Eziama Orlu is located at number (28) – in Usuama Igbo territory – on the map below.

Igbo map G.I. Jones Field photo of the day: an okoroshi masquerade among the Usuama Igbo

Map from Jones (Gwilym Iwan), “The art of Eastern Nigeria”, Cambridge: Cambridge University Press, 1984.

The Kunin mask most likely represented the same Okoroshi character – called nwanyure (‘proud woman’) – as featured on the field-photo below. Note the very similar iconography.

 Field photo of the day: an okoroshi masquerade among the Usuama Igbo

An Okorosie or Okoroshi masquerade with a ‘beautiful’ female charater. The masquerader is wearing a wooden white face mask that is oval in shape with a superstructure of another carved head with plaits on top. The white face is accentuated with balck markings and with two diagonal lines on the cheeks. The masquerader is draped in several cloths and is holding a clapper in one hand. Photo by G. I. Jones, 1930s, at Eziama Orlu (Isuama Igbo).


Notes on an Igbo headdress from the Myron Kunin Collection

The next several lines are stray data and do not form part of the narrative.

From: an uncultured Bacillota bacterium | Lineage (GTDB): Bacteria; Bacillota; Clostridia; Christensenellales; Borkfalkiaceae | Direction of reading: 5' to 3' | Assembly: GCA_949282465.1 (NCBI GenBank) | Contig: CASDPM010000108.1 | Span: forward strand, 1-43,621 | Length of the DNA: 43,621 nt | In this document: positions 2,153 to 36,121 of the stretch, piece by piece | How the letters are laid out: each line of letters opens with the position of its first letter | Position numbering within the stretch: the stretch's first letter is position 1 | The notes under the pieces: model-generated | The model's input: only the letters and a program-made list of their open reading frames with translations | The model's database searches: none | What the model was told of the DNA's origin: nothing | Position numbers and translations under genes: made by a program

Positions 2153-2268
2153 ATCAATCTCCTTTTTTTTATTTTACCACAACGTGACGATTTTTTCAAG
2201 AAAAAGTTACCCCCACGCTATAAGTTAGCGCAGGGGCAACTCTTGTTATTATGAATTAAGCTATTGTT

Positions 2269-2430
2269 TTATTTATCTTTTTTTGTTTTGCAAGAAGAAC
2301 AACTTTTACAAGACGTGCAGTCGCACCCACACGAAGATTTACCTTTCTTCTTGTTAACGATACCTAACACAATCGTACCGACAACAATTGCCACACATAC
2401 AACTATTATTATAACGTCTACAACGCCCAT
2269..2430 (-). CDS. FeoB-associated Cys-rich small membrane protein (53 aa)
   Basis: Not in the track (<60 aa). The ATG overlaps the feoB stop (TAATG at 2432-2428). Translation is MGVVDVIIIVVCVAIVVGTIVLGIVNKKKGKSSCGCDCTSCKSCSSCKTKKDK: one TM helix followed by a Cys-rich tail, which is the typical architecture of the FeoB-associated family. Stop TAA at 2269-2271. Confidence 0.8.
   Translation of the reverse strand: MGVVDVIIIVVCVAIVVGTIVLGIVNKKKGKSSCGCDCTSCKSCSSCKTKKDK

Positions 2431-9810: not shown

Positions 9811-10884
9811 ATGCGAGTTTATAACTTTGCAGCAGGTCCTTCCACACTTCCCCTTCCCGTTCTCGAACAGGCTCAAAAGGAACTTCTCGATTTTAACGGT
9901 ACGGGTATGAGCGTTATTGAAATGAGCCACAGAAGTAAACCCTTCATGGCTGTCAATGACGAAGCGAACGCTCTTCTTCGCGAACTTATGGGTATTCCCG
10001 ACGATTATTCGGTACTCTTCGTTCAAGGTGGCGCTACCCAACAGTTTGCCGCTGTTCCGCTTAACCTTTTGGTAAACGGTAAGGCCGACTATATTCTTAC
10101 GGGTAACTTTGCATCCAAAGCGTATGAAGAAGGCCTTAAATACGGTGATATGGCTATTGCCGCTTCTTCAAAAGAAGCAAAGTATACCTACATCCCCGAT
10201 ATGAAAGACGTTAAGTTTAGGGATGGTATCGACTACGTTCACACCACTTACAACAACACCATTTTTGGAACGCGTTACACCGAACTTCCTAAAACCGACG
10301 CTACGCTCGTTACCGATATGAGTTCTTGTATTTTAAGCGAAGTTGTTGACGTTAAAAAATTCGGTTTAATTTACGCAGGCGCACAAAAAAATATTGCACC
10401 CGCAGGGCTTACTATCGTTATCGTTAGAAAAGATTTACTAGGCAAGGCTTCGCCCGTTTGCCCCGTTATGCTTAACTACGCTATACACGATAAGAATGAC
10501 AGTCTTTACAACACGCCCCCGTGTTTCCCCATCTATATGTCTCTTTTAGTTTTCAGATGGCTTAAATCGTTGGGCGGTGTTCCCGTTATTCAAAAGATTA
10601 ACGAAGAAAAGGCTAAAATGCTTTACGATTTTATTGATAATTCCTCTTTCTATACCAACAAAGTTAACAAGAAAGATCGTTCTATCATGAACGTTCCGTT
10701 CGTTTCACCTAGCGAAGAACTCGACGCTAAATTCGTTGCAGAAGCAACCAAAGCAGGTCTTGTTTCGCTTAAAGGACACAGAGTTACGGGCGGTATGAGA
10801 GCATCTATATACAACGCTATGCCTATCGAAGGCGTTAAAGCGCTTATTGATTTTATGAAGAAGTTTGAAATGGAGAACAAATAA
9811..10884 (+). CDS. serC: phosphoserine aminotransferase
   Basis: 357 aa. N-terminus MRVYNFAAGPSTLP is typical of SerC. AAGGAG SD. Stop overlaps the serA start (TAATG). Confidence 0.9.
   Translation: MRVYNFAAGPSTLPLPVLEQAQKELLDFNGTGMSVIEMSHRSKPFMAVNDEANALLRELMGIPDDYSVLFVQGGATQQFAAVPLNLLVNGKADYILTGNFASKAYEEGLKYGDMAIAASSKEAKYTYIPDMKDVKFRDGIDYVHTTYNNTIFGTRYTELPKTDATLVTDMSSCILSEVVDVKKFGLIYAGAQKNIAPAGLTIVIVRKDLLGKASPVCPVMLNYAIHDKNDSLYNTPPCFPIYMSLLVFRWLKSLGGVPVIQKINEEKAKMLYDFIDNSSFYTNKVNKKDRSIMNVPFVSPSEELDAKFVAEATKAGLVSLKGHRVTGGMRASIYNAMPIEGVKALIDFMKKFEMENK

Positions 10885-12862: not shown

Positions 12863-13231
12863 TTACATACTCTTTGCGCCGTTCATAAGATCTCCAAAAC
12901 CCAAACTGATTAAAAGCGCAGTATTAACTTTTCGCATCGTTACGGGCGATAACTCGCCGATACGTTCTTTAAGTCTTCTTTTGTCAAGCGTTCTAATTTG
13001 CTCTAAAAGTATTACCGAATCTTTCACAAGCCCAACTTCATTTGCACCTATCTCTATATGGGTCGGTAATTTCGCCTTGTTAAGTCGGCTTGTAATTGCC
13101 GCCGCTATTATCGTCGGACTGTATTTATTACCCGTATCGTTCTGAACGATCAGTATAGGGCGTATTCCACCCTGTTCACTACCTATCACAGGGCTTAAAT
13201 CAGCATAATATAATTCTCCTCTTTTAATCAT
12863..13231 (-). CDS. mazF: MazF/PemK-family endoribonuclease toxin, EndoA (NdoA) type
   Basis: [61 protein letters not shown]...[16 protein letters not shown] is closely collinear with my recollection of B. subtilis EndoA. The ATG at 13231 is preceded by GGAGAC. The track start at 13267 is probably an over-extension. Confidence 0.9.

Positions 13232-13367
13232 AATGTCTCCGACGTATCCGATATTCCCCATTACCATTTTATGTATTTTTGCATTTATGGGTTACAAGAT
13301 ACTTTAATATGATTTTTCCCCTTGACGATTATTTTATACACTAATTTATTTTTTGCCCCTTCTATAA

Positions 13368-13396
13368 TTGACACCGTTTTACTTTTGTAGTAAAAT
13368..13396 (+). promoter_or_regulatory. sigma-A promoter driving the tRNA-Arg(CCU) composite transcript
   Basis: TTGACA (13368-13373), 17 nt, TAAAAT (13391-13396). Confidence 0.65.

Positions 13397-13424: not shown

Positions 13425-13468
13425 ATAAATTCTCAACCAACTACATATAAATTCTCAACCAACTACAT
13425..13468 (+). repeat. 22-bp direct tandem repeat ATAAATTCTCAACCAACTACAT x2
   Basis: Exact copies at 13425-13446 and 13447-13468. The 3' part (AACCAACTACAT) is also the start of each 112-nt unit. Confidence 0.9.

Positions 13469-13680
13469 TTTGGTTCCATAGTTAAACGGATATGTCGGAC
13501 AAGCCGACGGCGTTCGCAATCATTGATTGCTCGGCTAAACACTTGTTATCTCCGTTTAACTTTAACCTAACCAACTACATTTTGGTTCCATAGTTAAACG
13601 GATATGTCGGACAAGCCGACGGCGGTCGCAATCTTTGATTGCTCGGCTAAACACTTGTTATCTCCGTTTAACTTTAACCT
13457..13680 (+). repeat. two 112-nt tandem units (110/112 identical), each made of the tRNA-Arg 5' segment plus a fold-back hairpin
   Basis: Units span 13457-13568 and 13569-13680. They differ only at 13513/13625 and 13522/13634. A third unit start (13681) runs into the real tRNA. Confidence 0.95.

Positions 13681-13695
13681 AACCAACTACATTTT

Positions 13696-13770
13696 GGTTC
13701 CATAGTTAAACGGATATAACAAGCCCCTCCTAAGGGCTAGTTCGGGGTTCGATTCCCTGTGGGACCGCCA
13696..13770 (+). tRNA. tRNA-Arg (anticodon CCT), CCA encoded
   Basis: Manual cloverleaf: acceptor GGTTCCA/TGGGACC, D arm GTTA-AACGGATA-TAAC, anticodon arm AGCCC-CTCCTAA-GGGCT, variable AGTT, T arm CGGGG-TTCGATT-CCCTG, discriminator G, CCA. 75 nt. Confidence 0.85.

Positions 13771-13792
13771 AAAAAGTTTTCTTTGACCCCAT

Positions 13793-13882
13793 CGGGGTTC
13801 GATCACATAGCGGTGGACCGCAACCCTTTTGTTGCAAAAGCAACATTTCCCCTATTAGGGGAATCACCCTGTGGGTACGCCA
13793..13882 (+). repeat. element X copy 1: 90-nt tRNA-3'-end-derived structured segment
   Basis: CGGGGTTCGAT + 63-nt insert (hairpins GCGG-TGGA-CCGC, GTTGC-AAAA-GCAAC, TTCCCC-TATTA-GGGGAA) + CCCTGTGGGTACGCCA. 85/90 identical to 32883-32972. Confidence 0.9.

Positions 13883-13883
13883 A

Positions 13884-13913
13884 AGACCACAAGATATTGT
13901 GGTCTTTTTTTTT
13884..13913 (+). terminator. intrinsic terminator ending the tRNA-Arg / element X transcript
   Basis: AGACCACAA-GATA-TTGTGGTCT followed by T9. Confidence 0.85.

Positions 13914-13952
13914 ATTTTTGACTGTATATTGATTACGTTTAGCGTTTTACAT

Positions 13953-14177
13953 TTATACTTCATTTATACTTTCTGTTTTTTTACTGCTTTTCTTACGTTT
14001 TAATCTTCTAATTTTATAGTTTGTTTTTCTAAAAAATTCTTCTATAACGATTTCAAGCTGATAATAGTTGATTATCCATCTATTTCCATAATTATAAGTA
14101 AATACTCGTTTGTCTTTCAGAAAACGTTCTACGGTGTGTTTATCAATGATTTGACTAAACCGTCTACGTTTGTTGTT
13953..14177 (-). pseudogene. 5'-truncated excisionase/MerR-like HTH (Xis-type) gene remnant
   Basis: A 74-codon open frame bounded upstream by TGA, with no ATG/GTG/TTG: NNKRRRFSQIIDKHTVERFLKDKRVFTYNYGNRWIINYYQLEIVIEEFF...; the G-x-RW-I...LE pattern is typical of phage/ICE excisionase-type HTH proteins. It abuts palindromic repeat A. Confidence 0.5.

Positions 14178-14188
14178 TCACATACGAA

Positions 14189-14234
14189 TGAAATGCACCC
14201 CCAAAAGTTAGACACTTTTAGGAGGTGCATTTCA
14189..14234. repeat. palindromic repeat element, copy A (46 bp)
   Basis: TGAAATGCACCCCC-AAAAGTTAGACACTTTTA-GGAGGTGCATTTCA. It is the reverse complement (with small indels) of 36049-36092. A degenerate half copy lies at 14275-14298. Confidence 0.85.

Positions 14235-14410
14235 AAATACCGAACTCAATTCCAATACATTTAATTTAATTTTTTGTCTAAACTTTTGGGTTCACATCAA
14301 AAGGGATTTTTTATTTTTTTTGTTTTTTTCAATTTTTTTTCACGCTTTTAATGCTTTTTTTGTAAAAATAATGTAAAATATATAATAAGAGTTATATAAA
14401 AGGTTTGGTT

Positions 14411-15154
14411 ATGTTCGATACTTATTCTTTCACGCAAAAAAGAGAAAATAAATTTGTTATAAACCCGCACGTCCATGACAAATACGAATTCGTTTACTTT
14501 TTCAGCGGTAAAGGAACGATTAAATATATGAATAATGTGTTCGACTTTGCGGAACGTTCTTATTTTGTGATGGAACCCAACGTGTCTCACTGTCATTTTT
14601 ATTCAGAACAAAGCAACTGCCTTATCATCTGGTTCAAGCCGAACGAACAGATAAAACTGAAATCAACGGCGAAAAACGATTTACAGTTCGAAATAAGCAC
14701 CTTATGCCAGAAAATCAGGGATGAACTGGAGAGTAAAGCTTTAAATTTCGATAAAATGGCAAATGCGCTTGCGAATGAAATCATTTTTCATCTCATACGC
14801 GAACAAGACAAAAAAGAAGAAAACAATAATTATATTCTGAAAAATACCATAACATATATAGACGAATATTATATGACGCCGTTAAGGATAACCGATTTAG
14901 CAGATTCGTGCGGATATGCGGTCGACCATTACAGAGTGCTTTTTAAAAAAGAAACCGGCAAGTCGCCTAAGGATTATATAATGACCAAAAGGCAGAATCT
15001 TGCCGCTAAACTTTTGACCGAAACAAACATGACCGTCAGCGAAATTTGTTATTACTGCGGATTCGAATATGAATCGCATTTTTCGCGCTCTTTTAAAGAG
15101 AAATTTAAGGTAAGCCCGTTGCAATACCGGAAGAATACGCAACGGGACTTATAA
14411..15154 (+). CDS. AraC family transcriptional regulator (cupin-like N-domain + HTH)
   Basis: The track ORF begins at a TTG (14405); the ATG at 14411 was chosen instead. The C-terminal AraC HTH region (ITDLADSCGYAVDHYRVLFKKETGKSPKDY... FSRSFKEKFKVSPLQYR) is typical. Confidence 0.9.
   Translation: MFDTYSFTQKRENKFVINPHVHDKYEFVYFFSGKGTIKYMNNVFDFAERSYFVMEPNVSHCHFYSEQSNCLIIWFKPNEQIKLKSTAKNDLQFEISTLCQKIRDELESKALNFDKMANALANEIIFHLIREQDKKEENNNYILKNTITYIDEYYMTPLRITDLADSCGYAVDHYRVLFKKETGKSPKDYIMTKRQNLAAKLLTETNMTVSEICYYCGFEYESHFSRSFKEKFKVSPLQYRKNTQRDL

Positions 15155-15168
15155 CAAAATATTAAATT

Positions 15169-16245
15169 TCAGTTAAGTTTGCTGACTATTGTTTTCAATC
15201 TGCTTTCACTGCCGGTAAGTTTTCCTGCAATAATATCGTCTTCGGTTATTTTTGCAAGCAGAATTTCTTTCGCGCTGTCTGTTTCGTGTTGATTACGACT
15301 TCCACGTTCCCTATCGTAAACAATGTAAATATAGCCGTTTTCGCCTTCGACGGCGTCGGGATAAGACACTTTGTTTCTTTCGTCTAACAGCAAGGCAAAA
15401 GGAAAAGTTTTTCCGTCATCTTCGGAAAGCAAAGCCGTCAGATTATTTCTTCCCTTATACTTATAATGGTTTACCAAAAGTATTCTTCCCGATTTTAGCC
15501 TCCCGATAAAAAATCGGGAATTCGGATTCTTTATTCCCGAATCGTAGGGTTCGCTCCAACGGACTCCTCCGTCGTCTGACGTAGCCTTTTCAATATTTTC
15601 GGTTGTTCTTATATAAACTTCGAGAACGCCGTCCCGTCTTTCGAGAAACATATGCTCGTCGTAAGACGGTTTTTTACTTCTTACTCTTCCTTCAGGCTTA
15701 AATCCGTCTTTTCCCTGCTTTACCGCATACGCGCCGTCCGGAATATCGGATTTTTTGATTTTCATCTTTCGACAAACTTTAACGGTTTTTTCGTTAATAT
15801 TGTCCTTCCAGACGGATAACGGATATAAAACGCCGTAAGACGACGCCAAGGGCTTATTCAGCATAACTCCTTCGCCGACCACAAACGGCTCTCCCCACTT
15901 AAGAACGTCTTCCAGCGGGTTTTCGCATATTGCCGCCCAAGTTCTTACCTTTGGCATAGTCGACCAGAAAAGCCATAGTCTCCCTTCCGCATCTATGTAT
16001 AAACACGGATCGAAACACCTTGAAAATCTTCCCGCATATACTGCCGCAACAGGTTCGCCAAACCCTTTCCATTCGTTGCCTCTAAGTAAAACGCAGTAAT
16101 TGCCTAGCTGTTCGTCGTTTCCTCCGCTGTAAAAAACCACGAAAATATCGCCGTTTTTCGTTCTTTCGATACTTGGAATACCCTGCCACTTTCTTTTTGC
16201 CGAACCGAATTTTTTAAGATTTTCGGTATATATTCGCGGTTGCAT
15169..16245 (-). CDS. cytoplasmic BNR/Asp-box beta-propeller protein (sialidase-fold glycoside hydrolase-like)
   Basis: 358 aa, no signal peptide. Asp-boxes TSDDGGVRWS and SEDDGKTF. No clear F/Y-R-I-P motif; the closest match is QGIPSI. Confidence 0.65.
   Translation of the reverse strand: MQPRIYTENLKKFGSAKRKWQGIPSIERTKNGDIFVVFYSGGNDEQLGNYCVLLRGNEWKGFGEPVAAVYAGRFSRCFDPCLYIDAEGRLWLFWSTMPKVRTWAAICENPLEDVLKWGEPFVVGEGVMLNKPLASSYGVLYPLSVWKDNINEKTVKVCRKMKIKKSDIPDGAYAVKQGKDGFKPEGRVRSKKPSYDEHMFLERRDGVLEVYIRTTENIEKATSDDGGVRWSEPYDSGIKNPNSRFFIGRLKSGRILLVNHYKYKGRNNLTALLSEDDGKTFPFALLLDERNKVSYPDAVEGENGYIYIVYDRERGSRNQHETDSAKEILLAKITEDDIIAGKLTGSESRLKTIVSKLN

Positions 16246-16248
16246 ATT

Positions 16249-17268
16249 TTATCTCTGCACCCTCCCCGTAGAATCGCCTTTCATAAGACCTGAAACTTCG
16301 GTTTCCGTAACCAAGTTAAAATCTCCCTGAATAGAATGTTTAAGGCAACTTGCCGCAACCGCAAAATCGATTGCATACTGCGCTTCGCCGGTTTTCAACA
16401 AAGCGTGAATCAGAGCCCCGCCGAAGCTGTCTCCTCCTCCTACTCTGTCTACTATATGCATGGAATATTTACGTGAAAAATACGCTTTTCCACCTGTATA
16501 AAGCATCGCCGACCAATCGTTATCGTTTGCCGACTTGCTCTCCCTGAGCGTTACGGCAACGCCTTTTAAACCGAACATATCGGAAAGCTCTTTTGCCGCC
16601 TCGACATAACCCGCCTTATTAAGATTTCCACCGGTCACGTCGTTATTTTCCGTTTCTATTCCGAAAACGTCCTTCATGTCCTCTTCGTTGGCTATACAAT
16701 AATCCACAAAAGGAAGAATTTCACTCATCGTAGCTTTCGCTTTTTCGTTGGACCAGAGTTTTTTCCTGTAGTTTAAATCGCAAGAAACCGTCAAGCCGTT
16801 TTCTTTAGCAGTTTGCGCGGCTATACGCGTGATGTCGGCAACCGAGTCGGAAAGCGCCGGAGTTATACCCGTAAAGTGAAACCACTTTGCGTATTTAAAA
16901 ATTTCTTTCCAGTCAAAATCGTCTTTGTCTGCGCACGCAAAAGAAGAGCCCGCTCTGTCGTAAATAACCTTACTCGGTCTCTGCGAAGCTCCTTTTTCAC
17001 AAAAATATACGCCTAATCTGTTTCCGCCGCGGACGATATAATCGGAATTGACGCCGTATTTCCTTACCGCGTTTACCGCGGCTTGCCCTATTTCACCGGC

Igbo IbibioEket headdress Myron Kunin collection ogbom 436x1024 Notes on an Igbo headdress from the Myron Kunin Collection

Height: 76,8 cm. Image courtesy of Sotheby’s.

The above headdress, lot 57 in the Kunin sale at Sotheby’s New York was listed as Eket in the sale catalogue. Since slightly similar figural crest masks such as this one were illustrated by Francois Neyt in L’art Eket (1979) and other publications, headdresses such as the one under discussion here, have been incorrectly attributed to the this group. The treatment of the face as a curving plane with sharp edges and the disproportionate emphasis on the spherical head indeed are very reminiscent to the well-known Eket stye (compare to the example illustrated at the end of this article).